Like many a track & field athlete before me, I started out as a soccer player. Though at first reluctantly torn from my Gameboy color and strapped against my will into our Toyota Forerunner on its way to the local park for practices, I eventually became tied to the routine and embraced the no consequence fun of blindly thrashing my limbs around in pursuit of the spherical McGuffin three times a week.
As I aged from a barely coherent toddler to a somewhat worldly child, I graduated to traveling soccer, a Saturday-sucking affair that always seemed to take me to some odd Morris County school that seemed an eternity’s drive away from my comfy Culver Lake home in the western corner of north Jersey.
Knowing this, my parents were kind enough to incentivize the trips by capitalizing on my eager young mind’s love for reading, leading us to make a pit stop on every ride home at Borders, a bookstore chain located in the Rockaway Townsquare Mall.
Borders wasn’t so much “in the mall” as it was “in the vicinity,” located at its own standalone strip next to a Michaels Arts & Crafts a few parking lots distance from the actual center of American capitalism. The massive bookstore was one of those sacred places that 10-year-old me was allowed to wander freely without supervision, the most independence I had ever received up to that point in my life. I would spend hours poking through the children’s section for hints of the new Guardians of Ga’Hoole volume only to realize I’d read the most recent one already and dejectedly submit myself to walking the seemingly miles-long journey to the magazine section at the front of the store.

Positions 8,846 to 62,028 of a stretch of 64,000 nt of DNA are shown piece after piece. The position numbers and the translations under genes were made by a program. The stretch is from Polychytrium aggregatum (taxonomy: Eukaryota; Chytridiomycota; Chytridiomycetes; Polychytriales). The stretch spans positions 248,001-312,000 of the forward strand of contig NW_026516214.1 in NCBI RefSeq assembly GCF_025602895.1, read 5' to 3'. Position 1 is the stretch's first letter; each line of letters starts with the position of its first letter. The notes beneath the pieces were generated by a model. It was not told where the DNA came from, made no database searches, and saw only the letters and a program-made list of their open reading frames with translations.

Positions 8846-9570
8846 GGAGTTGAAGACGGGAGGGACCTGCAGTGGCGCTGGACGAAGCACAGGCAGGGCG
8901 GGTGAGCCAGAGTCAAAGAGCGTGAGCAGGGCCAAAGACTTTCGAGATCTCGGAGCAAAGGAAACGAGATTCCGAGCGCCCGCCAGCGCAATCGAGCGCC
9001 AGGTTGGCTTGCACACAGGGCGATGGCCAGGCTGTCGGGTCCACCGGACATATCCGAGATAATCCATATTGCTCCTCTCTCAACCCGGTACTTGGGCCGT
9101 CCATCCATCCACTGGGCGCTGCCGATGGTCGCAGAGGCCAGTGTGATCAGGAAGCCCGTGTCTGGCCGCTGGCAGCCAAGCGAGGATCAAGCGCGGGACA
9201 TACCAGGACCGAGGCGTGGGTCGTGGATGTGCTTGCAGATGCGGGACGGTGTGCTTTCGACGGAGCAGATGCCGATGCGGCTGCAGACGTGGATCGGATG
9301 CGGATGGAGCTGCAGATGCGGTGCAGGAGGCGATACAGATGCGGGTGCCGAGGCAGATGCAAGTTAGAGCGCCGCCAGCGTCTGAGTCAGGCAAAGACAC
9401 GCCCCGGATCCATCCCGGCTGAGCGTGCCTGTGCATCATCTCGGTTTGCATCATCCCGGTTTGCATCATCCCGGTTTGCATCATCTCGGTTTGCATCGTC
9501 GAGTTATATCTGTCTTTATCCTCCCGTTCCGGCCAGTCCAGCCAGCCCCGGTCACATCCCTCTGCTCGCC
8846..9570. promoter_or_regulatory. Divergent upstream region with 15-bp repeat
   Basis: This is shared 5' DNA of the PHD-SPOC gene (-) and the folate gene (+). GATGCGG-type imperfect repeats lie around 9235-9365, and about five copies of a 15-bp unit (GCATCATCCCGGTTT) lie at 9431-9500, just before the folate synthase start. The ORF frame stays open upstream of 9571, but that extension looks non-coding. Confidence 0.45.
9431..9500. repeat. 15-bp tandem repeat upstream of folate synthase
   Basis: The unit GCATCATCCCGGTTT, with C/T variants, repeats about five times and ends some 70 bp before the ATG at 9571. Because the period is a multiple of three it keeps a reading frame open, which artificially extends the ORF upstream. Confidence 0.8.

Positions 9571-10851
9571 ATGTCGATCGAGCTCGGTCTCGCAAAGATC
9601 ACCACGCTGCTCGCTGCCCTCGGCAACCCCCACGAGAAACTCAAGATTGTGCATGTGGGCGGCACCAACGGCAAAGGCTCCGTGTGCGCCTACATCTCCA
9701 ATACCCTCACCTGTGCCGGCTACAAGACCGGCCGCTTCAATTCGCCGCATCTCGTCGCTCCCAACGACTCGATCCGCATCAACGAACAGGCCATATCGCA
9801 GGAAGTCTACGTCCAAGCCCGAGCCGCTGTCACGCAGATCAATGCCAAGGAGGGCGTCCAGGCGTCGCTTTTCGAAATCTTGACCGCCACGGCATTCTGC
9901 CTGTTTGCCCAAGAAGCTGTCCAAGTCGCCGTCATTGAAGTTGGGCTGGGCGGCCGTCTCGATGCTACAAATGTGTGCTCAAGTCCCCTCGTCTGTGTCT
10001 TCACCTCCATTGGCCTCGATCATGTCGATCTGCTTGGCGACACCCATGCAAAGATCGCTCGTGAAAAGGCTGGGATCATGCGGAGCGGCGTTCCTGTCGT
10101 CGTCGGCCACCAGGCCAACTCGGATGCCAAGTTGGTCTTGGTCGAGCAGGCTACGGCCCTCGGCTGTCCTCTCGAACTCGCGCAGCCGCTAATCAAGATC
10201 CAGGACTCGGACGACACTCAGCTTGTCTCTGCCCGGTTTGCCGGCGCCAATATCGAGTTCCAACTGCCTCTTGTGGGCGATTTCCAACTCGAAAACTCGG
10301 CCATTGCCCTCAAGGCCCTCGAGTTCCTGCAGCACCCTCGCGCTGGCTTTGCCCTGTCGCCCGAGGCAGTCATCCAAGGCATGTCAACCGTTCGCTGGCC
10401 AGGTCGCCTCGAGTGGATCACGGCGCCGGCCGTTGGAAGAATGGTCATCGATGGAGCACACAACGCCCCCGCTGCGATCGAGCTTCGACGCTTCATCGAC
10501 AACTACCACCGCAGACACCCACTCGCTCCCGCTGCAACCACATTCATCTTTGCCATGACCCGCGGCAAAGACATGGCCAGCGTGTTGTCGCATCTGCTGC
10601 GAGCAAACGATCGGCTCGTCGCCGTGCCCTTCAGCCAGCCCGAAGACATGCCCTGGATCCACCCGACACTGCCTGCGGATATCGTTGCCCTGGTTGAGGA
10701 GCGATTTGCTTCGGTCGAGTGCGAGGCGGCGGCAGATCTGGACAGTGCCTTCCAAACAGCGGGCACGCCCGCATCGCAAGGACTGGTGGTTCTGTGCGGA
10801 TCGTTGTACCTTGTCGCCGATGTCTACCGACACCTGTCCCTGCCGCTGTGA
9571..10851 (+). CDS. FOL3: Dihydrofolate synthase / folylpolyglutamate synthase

Usually nothing jumped out at me but one particular instance, a copy of Nintendo Power mesmerized me. It was a long-time running video game publication that focused solely on, you guessed it, the Japanese gaming powerhouse’s intellectual property. This particular release contained the striking image of a computer generated teen with white super saiyan hair surrounded by three colorful dog-like beasts that appeared as if they would sprint off of the cover and rip me to pixelated pieces in the name of unspecified vengeance. It was, of course, the mainstay franchise of my gamer youth: Pokemon. The usually handheld series had been ported to Nintendo’s newest console the GameCube, and this edition of the magazine featured a tell-all article about the gameplay of the recently released Pokemon Colosseum. I excitedly waddled my way to the Starbucks knockoff contained within the bookstore and presented my find to my mother, who was quietly relieved that this time I chose the $5 magazine over the $25 comic strip collection.